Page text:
They pedaled around the Concord Hospital grounds, where Teresa surged forward, out of sight. Eric caught up and saw something prone in the middle of the street. The figure was unrecognizable, both from a distance and up close as well.

“I didn’t know what it was and I get down there and there she was,” Eric said. “If you didn’t know her, you wouldn’t have recognized her. Her face looked like she’d just gotten out of a fight with Rocky Marciano.”

Her fight had only begun. Teresa, who had fallen off her bike after striking a speed bump, remained unconscious for two days and at Concord Hospital for a week. She rehabbed at home, learned to eat and speak, walk and think.

Eric said it took her about a year to regain some sense of normalcy.

“With her recovery, a lot of people would have caved in and said, ‘Well, I guess I’m the way I am,’ ” Eric said. “Teresa has a lot of spunk to her, and it’s good to have her as a friend.”

Since those dark, uncertain times, Teresa’s nonprofit and volunteer work have flourished, and she was recruited by Fairpoint Communications to serve as its New Hampshire CEO.

She’s now president of Devine Strategies in Concord, which put her in the position to push for legislation to open our State House to the public on weekends.

She serves ice cream to kids from her home each Halloween, too. And speaking of kids, Teresa and Eric’s three children made a mad dash to be here for the banquet.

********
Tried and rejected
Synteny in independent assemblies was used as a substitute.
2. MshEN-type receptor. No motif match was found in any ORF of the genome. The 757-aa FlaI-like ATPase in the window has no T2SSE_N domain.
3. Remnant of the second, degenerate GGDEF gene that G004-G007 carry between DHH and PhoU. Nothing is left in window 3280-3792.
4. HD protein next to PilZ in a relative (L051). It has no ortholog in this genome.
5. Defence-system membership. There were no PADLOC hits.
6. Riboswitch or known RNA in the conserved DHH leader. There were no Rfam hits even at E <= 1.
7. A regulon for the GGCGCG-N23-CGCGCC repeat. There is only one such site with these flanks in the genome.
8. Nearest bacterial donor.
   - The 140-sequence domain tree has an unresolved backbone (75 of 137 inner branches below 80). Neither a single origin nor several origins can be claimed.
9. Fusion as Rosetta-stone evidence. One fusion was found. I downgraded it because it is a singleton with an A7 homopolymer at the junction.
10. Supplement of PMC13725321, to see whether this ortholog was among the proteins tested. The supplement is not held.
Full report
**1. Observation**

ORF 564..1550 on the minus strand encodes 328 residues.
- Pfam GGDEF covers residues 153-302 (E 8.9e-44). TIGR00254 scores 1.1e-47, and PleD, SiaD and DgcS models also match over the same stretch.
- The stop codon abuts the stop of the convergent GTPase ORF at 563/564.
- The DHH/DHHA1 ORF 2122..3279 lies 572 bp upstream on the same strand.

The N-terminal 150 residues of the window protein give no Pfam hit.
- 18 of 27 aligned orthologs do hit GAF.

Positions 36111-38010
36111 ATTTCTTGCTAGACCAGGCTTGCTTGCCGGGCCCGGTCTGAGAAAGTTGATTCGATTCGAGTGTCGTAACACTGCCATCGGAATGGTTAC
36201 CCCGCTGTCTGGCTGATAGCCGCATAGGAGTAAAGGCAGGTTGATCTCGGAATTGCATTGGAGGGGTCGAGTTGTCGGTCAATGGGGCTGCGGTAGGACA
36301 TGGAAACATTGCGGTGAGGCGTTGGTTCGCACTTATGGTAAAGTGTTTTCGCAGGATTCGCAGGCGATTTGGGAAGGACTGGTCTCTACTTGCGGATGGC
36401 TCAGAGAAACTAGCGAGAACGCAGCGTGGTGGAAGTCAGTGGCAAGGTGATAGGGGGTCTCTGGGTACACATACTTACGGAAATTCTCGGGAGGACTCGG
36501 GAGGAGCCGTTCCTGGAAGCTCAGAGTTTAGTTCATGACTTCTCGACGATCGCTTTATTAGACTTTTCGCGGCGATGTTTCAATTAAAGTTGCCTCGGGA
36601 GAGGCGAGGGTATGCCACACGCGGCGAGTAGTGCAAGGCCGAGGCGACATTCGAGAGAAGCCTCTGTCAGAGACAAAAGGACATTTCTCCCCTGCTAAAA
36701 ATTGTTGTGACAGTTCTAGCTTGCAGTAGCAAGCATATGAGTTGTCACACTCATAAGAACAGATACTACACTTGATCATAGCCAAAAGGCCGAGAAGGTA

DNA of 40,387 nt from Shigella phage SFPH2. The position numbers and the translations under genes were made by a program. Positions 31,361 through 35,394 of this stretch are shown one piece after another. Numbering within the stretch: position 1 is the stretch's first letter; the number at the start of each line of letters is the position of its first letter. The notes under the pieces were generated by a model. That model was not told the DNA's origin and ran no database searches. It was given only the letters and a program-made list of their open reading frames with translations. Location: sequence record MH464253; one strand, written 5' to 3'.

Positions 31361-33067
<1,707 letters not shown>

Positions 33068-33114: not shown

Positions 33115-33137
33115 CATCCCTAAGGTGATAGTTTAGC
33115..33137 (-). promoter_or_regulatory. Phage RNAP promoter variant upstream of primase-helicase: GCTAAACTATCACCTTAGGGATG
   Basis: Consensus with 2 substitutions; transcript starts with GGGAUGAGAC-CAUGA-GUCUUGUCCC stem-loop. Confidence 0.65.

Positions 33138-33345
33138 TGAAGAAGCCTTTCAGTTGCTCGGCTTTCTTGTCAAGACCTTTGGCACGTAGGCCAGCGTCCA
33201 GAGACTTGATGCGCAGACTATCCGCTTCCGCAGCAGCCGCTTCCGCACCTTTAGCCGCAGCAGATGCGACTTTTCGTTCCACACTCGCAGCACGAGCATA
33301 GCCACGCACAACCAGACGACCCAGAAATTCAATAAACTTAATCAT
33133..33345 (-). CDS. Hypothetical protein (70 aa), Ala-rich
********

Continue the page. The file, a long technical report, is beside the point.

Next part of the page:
Beyond Christina, Ian has a master’s degree and works in the intelligence community in Washington, D.C., and Lizzie is a teacher in New York City who once blasted off to the stratosphere, 45,000 feet above the Earth, as part of a NASA-backed program.

Three pretty tough kids. Just like mom.

“She would probably tell you one of her greatest accomplishments she ever did was the raising of her three children,” Dunn said.

Want more? As an extra ingredient to this Citizen of the Year recipe, Rosenberger has a sushi dish named after her at Moritomo, a local Japanese restaurant.

“She wanted to become educated and got a scorecard and went through every sushi dish,” Eric said. “It’s very good.”

And Tuesday night, others went through their own scorecards and gave Teresa Rosenberger high marks as well.


Ray Duckler bio photo

Ray Duckler, our intrepid columnist, focuses on the Suncook Valley. He floats from topic to topic, searching for the humor or sadness or humanity in each subject. A native New Yorker, he loves the Yankees and Giants. The Red Sox and Patriots? Not so much.